One of the biggest travesties that has taken place over the last ten years was the move of Monday Night Football to cable television. In fact it’s only trumped by the proliferation of too many channels carrying NFL football. When you go back to the last generation of us fans, many of our seasons were remembered by tremendous performances on Monday Night.
One great performance there and you were a made man in the eyes of all NFL fans, for every single one of them were watching the same exploits. ABC was accessible to the rich and the poor, the young and the old, which allowed generations of fans to watch the same game as well.
Well on one memorable Monday Night in 1978, every NFL fan watching witnessed one of the transcendent games of the 1970’s. The Houston Oilers were 7-4 and hosting the 8-3 Miami Dolphins in the marquee game of the week.
You have to understand the Oilers had been one of the NFL’s bottom feeders their entire existence up to that point. They had only appeared in 1 postseason game in their entire 19 year existence. A 40-7 loss in the 1967 AFL Championship Game. So even that hadn’t gone so well….
Enter Earl Campbell
Every year the NFL has it’s share of rookies who are supposed to live up to press clippings. The “Tyler Rose” stepped onto the field with the Oilers from day one and showed he belonged. Having won the Heisman Trophy his senior season at Texas, he came in as a marked man. Although he had lifted the lowly Oilers into playoff contention, the majority of America had only read of his exploits in newspapers. This Monday Night matchup would become the showcase where the Oilers proved they belonged with the NFL’s elite. Also it would solidify Earl Campbell’s chances to win rookie of the year honors. After all he came into this week 12 contest with 944 yards rushing.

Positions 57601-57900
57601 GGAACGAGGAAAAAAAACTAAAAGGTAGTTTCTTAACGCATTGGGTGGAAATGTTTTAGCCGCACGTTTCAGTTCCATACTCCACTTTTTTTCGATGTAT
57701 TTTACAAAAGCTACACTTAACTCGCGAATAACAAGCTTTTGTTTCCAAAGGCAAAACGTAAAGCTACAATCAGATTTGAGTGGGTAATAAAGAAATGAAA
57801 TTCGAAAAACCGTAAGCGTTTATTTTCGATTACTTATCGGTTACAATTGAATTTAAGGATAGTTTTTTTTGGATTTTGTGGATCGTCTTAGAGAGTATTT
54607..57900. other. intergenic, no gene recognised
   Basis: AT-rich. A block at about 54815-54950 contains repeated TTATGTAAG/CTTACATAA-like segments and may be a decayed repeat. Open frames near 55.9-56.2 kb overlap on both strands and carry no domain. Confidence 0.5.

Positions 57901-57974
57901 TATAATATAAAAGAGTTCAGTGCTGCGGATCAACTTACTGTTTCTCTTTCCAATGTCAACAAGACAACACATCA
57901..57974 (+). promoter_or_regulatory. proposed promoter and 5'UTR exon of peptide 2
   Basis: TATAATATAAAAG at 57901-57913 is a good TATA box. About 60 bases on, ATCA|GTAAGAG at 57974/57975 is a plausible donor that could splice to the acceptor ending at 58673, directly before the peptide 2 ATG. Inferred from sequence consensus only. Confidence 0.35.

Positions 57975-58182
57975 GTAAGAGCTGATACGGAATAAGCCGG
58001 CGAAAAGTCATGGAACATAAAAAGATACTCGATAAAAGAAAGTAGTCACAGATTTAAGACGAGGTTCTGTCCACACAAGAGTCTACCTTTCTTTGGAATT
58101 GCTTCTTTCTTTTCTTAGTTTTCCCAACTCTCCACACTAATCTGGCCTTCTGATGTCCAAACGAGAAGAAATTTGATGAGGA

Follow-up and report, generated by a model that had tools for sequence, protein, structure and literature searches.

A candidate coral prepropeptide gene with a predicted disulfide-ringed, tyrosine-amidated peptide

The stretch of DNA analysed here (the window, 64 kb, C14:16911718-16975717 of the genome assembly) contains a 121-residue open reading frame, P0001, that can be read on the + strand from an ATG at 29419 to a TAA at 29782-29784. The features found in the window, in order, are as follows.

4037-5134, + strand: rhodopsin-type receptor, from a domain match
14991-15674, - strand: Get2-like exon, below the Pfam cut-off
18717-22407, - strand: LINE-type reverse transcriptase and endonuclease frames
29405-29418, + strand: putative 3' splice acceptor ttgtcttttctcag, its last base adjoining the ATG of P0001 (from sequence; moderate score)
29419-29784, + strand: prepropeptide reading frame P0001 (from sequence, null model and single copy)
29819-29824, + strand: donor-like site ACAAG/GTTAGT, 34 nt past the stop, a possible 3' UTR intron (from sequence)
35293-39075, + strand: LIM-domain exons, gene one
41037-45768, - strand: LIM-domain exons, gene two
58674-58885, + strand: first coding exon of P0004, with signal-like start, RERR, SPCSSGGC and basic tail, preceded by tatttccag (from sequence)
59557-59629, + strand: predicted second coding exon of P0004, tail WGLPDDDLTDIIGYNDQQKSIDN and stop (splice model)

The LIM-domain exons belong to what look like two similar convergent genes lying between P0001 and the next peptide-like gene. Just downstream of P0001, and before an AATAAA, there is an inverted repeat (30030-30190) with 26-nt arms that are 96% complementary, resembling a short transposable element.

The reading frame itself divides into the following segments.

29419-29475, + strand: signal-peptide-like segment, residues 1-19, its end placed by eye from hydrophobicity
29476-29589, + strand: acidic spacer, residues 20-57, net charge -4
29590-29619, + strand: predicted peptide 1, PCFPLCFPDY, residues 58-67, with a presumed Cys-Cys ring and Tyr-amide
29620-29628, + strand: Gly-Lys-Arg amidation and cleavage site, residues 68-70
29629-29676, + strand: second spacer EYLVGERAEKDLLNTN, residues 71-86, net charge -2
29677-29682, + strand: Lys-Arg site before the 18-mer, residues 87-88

Just as the late Bum Phillips recalled in the clip above, it was one where the crowd noise helped carry the game past a good game into one of great remembrance. Campbell, being cheered on by a raucous crowd, put on a performance for the ages that trumpeted his arrival as well as the Oilers as a force to be reckoned with. It was a back and forth game Houston won 35-30.
This may not have been one of Don Shula’s Super Bowl teams from half a decade before but they were an 11-5 AFC East Wild Card participant that year. In fact, the Oilers would defeat them again 13-7 down in the Orange Bowl for Houston’s first ever postseason win. Who was the AFC East Champion that year?? The New England Patriots who were rocked 31-14 as Campbell powered the Cinderella Oilers to the AFC Championship Game.
Alas they fell to the Steelers in the championship game and would do so again in 1979. Yet it was this performance that put Earl Campbell on the map for good in the eyes of all football fans, not just the NFL. You have to realize the majority of America was down to just NBC, CBS, and ABC when it came to college football and most hadn’t seen him play at the collegiate level. Campbell wound up rushing for 1,450 yards to lead the league in rushing. It was the first time a rookie had done so since Jim Brown in 1957.
Of course he would go on to the collegiate and Pro Football Hall of Fames and ushered in the era of the big super back. George Rogers, Herschel Walker, Bo Jackson, and Keith Byars would follow from college to pro. However none captured the imagination of the football world the way Earl Campbell did that November Monday Night.
This article is dedicated to the memory of former Houston Oiler Head Coach Bum Phillips (September 29, 1923 – October 18, 2013) A coach who nearly made it to legendary status yet is remembered for the family atmosphere he fostered on those teams. He was the quintessential Texas gentleman that called games for the Oilers for years on radio as well. NFL fans everywhere will miss him.
Thanks for reading and please share the article.